Thursday, June 19, 2008

EU sanctions lifted (Updated)

Over dinner, the EU’s foreign ministers debated their Cuba sanctions, imposed in 2003 and suspended since 2005, and decided to lift them altogether. Reuters account (English) here; AFP’s here; Spain’s El Pais has more detail here.

According to El Pais, the EU document says the EU will enter a dialogue with Cuba that is “reciprocal, unconditional, nondiscriminatory, and geared toward obtaining results.” It will include “all potential areas of cooperation, including political sectors, human rights, economic, scientific, and cultural.” The dialogue’s effectiveness will be reviewed after one year.

The EU’s commitment to maintain contact with the Cuban opposition was reaffirmed, as was the EU’s commitment to “underscore to the Cuban government its point of view with regard to democracy, universal human rights, and fundamental liberties.” The EU will call on the Cuban government “to improve in an effective way the human rights situation through, among other things, the unconditional liberation of all political prisoners, including those who were detained and jailed in 2003.”

Update: Dissidents in Cuba largely opposed the EU decision, with Martha Beatriz Roque having the strongest reaction: “We are going to expect horrible things to happen to the opposition…their aggression will double,” she told AFP. From the Guardian, Oswaldo Paya’s reaction:

However, a leading Cuban dissident, Oswaldo Paya, said he hoped the move did not signify the EU's approval of the new administration.

”This regime has not announced any change that is significant for rights or liberty, and we know we have to conquer that ourselves,” Paya said.

The EU move is a setback for the Bush Administration, which had lobbied against it and for years has worked directly and indirectly to influence EU policy.

Comments from the Czech foreign minister are covered here.

Yesterday’s move probably means that these sanctions are gone for good. Their repeal required a unanimous decision, and it’s very telling that given the range of EU member governments’ opinions on Cuba, none exercised a veto – not even the Czechs, who have been closely aligned with the Bush Administration. As I read the reports of the decision, there is nothing in the annual review that implies that a negative result would reverse yesterday’s decision.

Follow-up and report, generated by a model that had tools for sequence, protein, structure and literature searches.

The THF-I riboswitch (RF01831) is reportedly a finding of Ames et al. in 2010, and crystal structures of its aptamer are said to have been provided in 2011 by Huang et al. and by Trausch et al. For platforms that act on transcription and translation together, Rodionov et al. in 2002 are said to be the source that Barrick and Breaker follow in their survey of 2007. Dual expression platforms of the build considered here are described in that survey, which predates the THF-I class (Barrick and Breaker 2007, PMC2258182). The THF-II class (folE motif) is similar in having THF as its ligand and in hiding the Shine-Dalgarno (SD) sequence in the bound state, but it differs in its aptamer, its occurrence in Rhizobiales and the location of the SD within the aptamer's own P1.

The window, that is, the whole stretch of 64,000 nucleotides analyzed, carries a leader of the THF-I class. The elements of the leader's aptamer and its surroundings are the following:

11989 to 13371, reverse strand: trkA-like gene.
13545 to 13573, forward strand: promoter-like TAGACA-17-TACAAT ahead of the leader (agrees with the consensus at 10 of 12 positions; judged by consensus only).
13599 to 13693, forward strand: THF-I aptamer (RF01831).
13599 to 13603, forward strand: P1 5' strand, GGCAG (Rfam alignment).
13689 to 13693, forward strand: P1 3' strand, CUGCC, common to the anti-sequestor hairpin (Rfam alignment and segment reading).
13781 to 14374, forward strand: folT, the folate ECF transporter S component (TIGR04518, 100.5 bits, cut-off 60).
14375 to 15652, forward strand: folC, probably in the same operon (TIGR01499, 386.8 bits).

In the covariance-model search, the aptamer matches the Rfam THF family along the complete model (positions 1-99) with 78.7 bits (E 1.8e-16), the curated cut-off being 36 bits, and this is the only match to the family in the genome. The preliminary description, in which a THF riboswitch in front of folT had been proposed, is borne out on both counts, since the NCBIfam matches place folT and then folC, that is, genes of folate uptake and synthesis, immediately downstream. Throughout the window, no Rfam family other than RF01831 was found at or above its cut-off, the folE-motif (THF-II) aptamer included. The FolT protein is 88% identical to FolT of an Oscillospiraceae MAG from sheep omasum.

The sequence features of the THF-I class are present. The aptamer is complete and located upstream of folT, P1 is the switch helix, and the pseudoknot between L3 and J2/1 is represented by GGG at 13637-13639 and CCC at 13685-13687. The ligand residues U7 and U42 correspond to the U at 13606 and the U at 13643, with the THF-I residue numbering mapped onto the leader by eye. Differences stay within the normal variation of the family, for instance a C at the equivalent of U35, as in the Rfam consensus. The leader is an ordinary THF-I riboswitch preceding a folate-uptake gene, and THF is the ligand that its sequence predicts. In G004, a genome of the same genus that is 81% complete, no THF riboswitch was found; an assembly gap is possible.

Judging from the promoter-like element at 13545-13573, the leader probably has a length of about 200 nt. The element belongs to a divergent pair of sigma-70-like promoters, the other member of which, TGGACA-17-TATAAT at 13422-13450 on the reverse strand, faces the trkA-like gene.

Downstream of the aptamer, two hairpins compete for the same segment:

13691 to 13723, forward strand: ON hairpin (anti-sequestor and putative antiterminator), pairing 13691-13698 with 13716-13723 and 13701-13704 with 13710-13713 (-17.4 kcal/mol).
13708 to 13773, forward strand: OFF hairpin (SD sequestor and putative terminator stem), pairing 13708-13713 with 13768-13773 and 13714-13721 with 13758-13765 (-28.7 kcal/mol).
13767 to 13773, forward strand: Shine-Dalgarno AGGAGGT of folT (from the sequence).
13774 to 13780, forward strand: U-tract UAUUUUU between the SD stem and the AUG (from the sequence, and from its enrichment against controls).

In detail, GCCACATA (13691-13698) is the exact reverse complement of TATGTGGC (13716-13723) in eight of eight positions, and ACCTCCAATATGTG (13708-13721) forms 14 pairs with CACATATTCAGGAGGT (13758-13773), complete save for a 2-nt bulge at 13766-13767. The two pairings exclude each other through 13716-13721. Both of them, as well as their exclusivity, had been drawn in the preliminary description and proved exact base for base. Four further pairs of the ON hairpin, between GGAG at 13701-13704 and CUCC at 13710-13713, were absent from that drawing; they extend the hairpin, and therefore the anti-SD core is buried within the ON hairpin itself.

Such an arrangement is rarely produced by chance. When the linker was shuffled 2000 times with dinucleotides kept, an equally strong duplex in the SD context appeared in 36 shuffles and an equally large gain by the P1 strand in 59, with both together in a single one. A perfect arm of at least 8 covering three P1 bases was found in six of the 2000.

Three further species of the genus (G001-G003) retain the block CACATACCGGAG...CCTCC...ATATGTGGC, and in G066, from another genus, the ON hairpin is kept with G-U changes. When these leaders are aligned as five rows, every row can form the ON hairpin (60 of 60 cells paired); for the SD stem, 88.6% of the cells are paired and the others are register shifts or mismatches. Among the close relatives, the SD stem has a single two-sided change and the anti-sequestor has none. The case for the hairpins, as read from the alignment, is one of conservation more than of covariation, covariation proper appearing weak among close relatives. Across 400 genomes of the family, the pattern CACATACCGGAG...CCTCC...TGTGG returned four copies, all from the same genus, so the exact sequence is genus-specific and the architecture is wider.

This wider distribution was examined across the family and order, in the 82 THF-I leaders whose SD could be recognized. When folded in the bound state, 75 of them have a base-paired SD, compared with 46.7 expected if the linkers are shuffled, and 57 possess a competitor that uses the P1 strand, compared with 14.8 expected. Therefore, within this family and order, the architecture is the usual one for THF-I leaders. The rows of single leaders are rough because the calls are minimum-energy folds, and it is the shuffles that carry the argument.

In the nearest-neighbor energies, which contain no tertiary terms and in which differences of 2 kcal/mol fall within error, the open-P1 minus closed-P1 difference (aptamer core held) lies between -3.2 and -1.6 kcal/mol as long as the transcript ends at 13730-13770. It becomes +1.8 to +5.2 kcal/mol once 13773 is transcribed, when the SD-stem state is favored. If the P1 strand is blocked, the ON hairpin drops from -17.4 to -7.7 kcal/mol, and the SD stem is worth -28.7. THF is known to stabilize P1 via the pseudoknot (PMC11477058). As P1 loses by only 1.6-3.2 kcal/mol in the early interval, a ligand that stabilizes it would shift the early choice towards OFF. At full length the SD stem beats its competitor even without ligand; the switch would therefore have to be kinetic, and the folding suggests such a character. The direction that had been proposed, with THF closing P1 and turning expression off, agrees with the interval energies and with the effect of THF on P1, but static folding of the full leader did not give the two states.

Reading between the lines, my guess is that the EU: 1) has not changed its objectives but wanted a change in tactics; 2) saw no sense in an annual debate over sanctions that were suspended years ago; 3) judged that the changes in Raul Castro’s first 100 days are small, positive, and to be encouraged; 4) wants to maintain support and continued contact with Cuba’s dissidents (which is probably greater than ours since their diplomats travel outside the capital and ours don’t) and will do so; 5) judged that change in Cuba, now and on the immediate horizon, is being driven not from the opposition but from within the system, and to encourage that change it’s necessary to have greater contact.

Beyond the diplomatic sphere, there may be another practical impact. A reader in Europe writes that when universities or other organizations seek EU funding for projects in Cuba, “Havana refuses to have anything to do with any projects that are funded by the EU or governments in the EU that are perceived as being in favour of the ‘sanctions.’” If that attitude changes, contacts between European civil society, supported by Brussels, could increase.

10 comments:

Anonymous said...

yeeeeee!! its a victory for freedom and for the cuban people. Thank you Europe.!

theCardinal said...

I am all for lifting the embargo on the US side but I'm still challenge anyone on this site to a friendly wager. The EU "conditions" for keeping the sanctions off are - "the release of all political prisoners; access for Cubans to the Internet; and a double-track approach for all EU delegations arriving in Cuba, allowing them to meet both opposition figures and members of the Cuban government."